Scientist of the Day - Alvan Graham Clark
Alvan Graham Clark, an American lens crafter and telescope maker, died June 9, 1897, at age 64. Alvan Clark, his father, was a pioneer in the building of large refracting telescopes (telescopes with lenses, not mirrors), and Alvan Graham, with his older brother, George Bassett, followed his father into the business, which was based in Cambridge, Mass. The three of them produced the largest and finest refractors ever built, including the 26-inch refractor for the U.S. Naval Observatory (USNO) in Washington, D.C. (with which Asaph Hall discovered the two moons of Mars in 1877), and the 30-inch refractor for Pulkovo Observatory, near Saint Petersburg, commissioned by Otto Wilhelm von Struve, who came all the way from Russia to Cambridge to meet the Clark family and see for himself what they could do with a pair of large glass blanks (26-inch and 30-inch refers to the diameter of the glass lenses, which were usually made as doublets, one lens concave and one convex, to prevent chromatic aberration). You can see photos of the 26-inch USNO refractor and the 30-inch Pulkovo refractor at our post on Alvan Clark senior.
Both telescopes were the largest refractors in the world when they were delivered, but such Guinness-like rankings lasted only until the Clarks delivered their next telescope. The Lick Observatory acquired its 36-inch Clark refractor in 1882, and the Yerkes 40-inch Clark-built refractor opened for business in 1897 in Williams Bay, Wisconsin, where the University of Chicago built their observatory. In 1893, the tube for the 40-inch Yerkes telescope was displayed at the World's Columbian Exposition in Chicago, while it was awaiting its lenses (first image). We wrote a rather detailed post last year on Charles Yerkes, the benefactor of the 40-inch refractor, in which Alvan Graham Clark's role in getting this project launched was discussed. By the time the 40-inch Yerkes refractor was getting its first light, Alvan Graham was the only Clark left alive, so we know that this exquisite and monumental instrument was primarily his work. There is an often-reproduced photo of Alvan Graham polishing the lenses of the Yerkes refractor, along with an employee of the Clark firm, that we show as our third image below. We also have written a post on James Lick, who provided the funding for the 36-inch Clark refractor on Mount Hamilton.
But I do not believe that we have ever mentioned an earlier Clark instrument, the 18.5-inch Dearborn refractor. A pair of lenses was commissioned by the University of Mississippi before 1860, but then the war intervened, and the lenses sat idle in Cambridge, until the Chicago Astronomical Society learned about them, found a patron, built an observatory – the Dearborn Observatory (named after the wife of their patron) – and acquired the telescope, which opened for business in 1865. While the lenses were awaiting their discovery by the Chicago group, Alvan Graham was testing them out one January day in 1862. He chose, for a target, the bright star in the constellation Canis major, called Sirius (for a photograph serving as a map of Sirius’ location, see fifth image). He found that the star was beautifully resolved by the 18.5-inch lens, but he also saw, to his surprise, that Sirius had a tiny companion, unobserved by anyone before Clark saw it on Jan. 31, 1862. It would soon be called Sirius B. The sixth image shows a modern photograph of Sirius and Sirius B.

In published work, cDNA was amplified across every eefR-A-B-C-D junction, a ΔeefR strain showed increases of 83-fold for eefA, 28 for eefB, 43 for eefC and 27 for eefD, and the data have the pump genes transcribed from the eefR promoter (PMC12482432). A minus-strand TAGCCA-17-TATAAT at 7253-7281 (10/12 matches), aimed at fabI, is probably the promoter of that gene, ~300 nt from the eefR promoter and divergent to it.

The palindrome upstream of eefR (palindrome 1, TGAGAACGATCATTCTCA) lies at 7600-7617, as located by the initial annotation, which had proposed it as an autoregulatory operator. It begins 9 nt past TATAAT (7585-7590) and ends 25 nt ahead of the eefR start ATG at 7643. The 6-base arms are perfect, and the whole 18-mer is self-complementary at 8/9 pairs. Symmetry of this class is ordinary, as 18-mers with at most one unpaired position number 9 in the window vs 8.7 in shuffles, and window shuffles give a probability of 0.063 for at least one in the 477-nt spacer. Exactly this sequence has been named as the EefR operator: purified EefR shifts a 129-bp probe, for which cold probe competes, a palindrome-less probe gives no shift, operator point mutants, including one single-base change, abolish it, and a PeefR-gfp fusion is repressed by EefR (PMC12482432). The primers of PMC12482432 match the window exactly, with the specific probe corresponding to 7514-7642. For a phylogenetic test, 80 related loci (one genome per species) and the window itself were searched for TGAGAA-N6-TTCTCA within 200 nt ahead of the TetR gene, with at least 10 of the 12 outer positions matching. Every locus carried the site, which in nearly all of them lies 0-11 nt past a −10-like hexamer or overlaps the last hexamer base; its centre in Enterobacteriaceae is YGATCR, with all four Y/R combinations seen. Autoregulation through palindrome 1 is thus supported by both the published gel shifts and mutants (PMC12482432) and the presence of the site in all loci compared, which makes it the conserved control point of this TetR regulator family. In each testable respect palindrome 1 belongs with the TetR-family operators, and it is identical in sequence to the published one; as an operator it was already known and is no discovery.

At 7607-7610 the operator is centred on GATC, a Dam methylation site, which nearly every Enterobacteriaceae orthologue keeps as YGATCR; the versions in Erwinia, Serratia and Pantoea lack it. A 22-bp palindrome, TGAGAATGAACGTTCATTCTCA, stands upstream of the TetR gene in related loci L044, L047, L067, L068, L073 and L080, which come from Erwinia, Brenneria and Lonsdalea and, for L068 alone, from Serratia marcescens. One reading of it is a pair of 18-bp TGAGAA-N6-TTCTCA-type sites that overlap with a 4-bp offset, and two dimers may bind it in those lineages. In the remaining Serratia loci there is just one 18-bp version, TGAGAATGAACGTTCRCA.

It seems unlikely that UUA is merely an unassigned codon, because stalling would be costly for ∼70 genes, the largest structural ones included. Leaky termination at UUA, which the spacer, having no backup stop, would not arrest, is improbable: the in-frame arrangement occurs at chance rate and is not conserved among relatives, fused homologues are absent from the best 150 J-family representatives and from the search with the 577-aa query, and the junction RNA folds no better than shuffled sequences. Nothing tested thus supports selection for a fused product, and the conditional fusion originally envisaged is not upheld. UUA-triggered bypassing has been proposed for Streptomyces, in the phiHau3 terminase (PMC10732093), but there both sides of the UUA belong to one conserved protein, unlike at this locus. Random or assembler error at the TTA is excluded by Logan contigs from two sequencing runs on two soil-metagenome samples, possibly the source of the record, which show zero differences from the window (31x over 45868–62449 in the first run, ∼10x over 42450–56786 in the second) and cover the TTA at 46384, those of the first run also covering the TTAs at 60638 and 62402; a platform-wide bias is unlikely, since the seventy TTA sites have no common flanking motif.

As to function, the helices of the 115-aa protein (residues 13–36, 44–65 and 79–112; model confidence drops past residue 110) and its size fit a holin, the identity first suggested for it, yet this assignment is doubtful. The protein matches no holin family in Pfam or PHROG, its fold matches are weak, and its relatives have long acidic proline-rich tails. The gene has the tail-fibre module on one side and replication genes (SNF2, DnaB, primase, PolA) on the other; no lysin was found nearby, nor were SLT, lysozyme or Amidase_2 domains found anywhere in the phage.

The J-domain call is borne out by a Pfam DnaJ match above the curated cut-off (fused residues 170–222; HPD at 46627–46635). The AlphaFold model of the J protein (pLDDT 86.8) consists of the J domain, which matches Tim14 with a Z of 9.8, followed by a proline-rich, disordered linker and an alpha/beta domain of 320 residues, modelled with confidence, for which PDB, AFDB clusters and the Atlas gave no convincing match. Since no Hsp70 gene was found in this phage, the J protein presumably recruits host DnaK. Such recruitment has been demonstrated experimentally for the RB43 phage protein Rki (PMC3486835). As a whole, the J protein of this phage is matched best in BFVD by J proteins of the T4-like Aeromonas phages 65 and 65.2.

Some years earlier, Wilhelm Bessel had noticed that Sirius exhibits a regular shift in position, almost as if it has an invisible companion, but no one could find it in the telescopes of that era – I do not know if anyone even looked for it, although I am guessing they did. But Alvan Graham looked in 1862 and found the companion star almost immediately – that's how good the lens was. Fifty years later, it would be discovered that Sirius B is a very odd star, quite tiny, but also massive and bright. Sirius B would soon be labeled a white dwarf star. Alvan Graham had found the second white dwarf star to be observed, the first being Eridanus 40 B, discovered by William Herschel in 1783 but not identified as having white-dwarf properties until Henry Norris Russell did so in 1910. Shortly thereafter, Sirius B was added to make a select group of two.
So the 18.5-inch Clark lens has a special place in the history of stellar classification. The Dearborn Observatory was turned over to the old University of Chicago, and when it suffered financial problems in the 1870s, the Chicago Astronomical Society regained control and transferred the entire observatory to Northwestern University in Evanston, where it still resides (although in a new tube and mount; the original wooden tube is in the Adler Planetarium in Chicago; you can see it here). The 18.5-inch Clark refractor at Northwestern was recently refurbished, and it is once again open to the public, with the original Clark lenses installed (fourth image). It is a beautiful telescope. And to think that it is just one of dozens of such instruments that Alvan Graham helped build and distribute around the country, and occasionally the world. If you ever get a chance to see a Clark refractor, you should seize the occasion. I have seen six of them, and would love to have the opportunity to see a seventh. And an eighth. And ….
William B. Ashworth, Jr., Consultant for the History of Science, Linda Hall Library and Associate Professor emeritus, Department of History, University of Missouri-Kansas City. Comments or corrections are welcome; please direct to firstname.lastname@example.org.